Fashion has long been stereotyped the ultimate vapid industry, a world where style matters more than substance and political discussions are anathema. But a new crop of socially-engaged business owners, many of them women, is finding a way to fuse an interest in fashion with a commitment to making the world a better place and consumers are paying attention. While so-called "fashionanthropy" is certainly not a substitute for substantial structural changes to the world's political and economic systems, making a purchase from a woman-owned company with fair trade principles sure feels a lot better than paying for sweatshop clothes. If companies like those featured below can prove that sustainable business practices are also profitable, as several already have, they may indicate a sea of change in the way fashion is produced.
EDUN Doubles Down on Africa
EDUN was founded by Ali Hewson and her husband (some musician guy named Bono) in 2005 with the aim of creating "a global fashion brand bringing about positive change through its trading relationship with Africa, and its positioning as a creative force in contemporary fashion." EDUN is one of the largest companies taking a stab at sustainable practicies, and its record has been mixed.
First the good. EDUN has done lots of great work through partnerships with smaller, African-based organizations. For example, EDUN partnered with Mikono Knits to offer a line of hand-crocheted sweaters and tanks in colors including "utilitarian-inspired fatigue and delicate sorbet" for spring 2013. Founded in 2005 by Norwegian Froydis Dybahl Archer, Mikono Knits is an ideal partner for EDUN because the company builds on young women's knitwork skills with the goal of providing them with sustainable income. So far, the 10 Mikono knitters make every garment by hand, though they are learning machine knitting as well. The garments use locally-sourced cotton and wool, which serves not only to minimize environmental impact, but also to spread the economic benefit to local farmers and spinners.
EDUN also embarked on a highly-anticipated partnership with Diesel earlier this year. “With this project we want to show to consumers and to the industry alike, that it is indeed possible to source, produce and generate sustainable trade — and, hence, development — in Africa," Diesel founder Renzo Rosso told the New York Times. But EDUN hasn't always had success putting its lofty goals into practice. While the company's initial plan was to produce all its products in Africa (so as to maximize local economic returns), by 2010, most of EDUN's clothes were being produced in China. Hewson's revised goal is to have 40 percent of its 2013 line made in Africa.
Wishlist purchase: Overside rib trim leather coat (on sale!)
The IOU PROJECT Has a Story to Tell
Many of us would think twice about snapping up cheap clothes if we knew the conditions under which they'd been made. Except for the occasional news stories about sweatshop labor, most of us don't think about the stories behind our outfits very often. That's something the IOU Project has set out to change. Founded by Kavita Parmar (who also serves as creative director,) the fashion company puts and emphasis on transparency. That means that every IOU product tells several stories -- including that of the artisan in India who hand-wove the fabric and of the elaborate process of hand-assembly in Portugal -- that are empowering and encouraging, rather than depressing. Each product sold comes with a code that allows buyers a peek at just who helped craft it. "We like traceability because we think people will enjoy knowing how and where their clothing comes from," according to IOU. "We also think that this knowledge helps foster a sense of shared social and environmental responsibility." And because the consumer is also a part of the story, IOU asks buyers to send in photos of themselves wearing their new dress/scarf/reversible blazer.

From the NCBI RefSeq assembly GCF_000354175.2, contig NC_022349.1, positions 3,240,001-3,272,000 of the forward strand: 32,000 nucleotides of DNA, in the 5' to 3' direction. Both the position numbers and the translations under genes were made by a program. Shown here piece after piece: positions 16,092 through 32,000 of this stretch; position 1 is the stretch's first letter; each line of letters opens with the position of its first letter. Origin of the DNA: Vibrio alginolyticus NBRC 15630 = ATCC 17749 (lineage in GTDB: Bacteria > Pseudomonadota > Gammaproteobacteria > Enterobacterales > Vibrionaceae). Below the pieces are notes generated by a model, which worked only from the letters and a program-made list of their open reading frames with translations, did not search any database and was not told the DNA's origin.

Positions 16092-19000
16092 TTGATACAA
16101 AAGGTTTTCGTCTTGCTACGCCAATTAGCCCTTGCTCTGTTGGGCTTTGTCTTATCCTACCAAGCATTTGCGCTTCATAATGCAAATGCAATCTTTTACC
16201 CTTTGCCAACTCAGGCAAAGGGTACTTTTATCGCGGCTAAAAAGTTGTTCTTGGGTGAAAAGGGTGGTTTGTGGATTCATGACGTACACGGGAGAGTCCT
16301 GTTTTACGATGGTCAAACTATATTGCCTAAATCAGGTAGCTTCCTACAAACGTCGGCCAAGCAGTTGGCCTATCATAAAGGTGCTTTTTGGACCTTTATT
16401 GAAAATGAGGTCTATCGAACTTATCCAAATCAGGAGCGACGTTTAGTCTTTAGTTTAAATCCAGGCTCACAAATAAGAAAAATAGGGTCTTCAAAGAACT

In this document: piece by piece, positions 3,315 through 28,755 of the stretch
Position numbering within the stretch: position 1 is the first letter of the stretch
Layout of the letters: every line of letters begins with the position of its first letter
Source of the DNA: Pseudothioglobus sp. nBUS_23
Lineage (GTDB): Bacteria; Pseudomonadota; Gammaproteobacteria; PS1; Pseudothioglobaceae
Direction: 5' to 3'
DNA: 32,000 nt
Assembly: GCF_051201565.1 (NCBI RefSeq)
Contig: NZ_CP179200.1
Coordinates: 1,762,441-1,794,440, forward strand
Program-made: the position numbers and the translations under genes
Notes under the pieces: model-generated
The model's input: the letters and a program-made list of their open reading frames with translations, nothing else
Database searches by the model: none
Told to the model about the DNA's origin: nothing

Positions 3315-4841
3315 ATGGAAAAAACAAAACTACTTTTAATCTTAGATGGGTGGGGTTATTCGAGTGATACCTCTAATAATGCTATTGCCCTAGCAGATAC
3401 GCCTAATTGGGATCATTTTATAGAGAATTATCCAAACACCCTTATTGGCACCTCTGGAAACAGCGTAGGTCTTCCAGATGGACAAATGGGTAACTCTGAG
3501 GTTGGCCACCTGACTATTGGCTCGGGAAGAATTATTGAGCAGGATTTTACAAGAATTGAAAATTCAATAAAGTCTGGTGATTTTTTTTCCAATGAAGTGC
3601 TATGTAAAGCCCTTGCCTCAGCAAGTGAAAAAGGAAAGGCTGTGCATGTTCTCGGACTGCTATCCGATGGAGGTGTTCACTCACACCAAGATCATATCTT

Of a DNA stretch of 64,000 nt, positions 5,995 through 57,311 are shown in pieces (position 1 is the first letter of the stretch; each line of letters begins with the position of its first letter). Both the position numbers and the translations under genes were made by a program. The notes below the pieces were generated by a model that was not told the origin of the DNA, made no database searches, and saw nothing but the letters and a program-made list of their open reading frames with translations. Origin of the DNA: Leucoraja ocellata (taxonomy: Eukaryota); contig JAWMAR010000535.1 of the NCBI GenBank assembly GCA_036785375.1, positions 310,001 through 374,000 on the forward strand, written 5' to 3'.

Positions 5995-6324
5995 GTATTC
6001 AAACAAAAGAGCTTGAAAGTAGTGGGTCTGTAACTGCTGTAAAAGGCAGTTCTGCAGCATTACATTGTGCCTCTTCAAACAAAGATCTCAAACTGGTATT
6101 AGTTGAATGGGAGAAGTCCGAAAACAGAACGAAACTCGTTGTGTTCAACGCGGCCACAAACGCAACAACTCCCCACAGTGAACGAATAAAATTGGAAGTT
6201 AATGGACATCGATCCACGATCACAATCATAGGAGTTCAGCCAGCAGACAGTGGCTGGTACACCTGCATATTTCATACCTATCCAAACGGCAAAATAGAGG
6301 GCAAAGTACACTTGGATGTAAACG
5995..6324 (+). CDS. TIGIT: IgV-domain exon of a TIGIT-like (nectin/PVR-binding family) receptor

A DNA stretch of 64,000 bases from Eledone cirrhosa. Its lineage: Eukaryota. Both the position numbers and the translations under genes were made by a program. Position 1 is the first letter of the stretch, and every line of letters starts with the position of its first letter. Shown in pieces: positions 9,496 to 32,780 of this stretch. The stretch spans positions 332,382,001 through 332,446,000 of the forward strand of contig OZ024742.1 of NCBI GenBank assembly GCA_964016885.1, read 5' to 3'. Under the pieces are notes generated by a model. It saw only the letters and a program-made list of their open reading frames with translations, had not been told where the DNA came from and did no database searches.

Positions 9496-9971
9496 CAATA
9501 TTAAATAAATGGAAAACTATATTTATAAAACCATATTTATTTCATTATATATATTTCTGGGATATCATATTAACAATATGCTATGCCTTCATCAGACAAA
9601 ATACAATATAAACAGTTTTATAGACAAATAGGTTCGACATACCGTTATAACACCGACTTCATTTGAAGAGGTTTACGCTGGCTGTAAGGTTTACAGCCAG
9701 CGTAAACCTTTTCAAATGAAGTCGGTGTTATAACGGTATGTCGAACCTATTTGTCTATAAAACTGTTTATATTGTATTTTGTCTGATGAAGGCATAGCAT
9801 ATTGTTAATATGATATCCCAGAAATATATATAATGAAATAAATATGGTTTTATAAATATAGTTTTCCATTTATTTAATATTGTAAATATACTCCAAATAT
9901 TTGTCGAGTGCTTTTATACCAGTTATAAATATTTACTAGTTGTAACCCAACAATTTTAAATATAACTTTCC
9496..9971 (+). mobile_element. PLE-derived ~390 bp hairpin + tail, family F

Wishlist purchase: The Retro Work Dress.
Afia is designed by Meghan Sebold, who describes herself as "Born in Oakland, raised by Minnesota, educated by San Francisco, and primed by New York City." When Sebold studied abroad in Ghana, she was inspired by the patterns on the vibrant textiles that are a striking part of many West African wardrobes. Seeking to "engage popular culture in global development," Sebold returned to the States and began Afia, a line that fuses West African patterned textiles with contemporary American trends. The textiles are sourced from Ghana, and the garments are hand-sewn by artisans in a woman-run facility (also in Ghana.)
Wishlist purchase: Timeless Dress (green gradient)
BEULAH LONDON Appeals to Royalty
How's this for inspirational: The two women who founded Beulah London had absolutely no formal training in fashion when they came up with the idea to launch an ethical fashion label based in India. Moved by witnessing first-hand the difficulties faced by survivors of India's human trafficking and sex trade, BL's founders decided they would provide women with a sustainable livelihood through their designs. Oh, and Pippa Middleton is a fan.
"For each beautiful garment that we make, there is an equally beautiful change happening somewhere else in the world – we like to think of it as our ‘butterfly effect,' " write the founders. BL sells garments and canvas bags crafted by "women who have escaped trafficking and the sex trade, including some who are HIV positive and widowed," though not all the production is done in India. Although I admire any attempt to break the cycle of poverty, some of BL's mission statement makes me wonder about the commodification of poverty. But then again, I'm a cynic.
Wishlist purchase: Arelie pantsuit
Header Image: Wonderlane/Flickr
Rachel Monroe is a writer living in Marfa, Texas.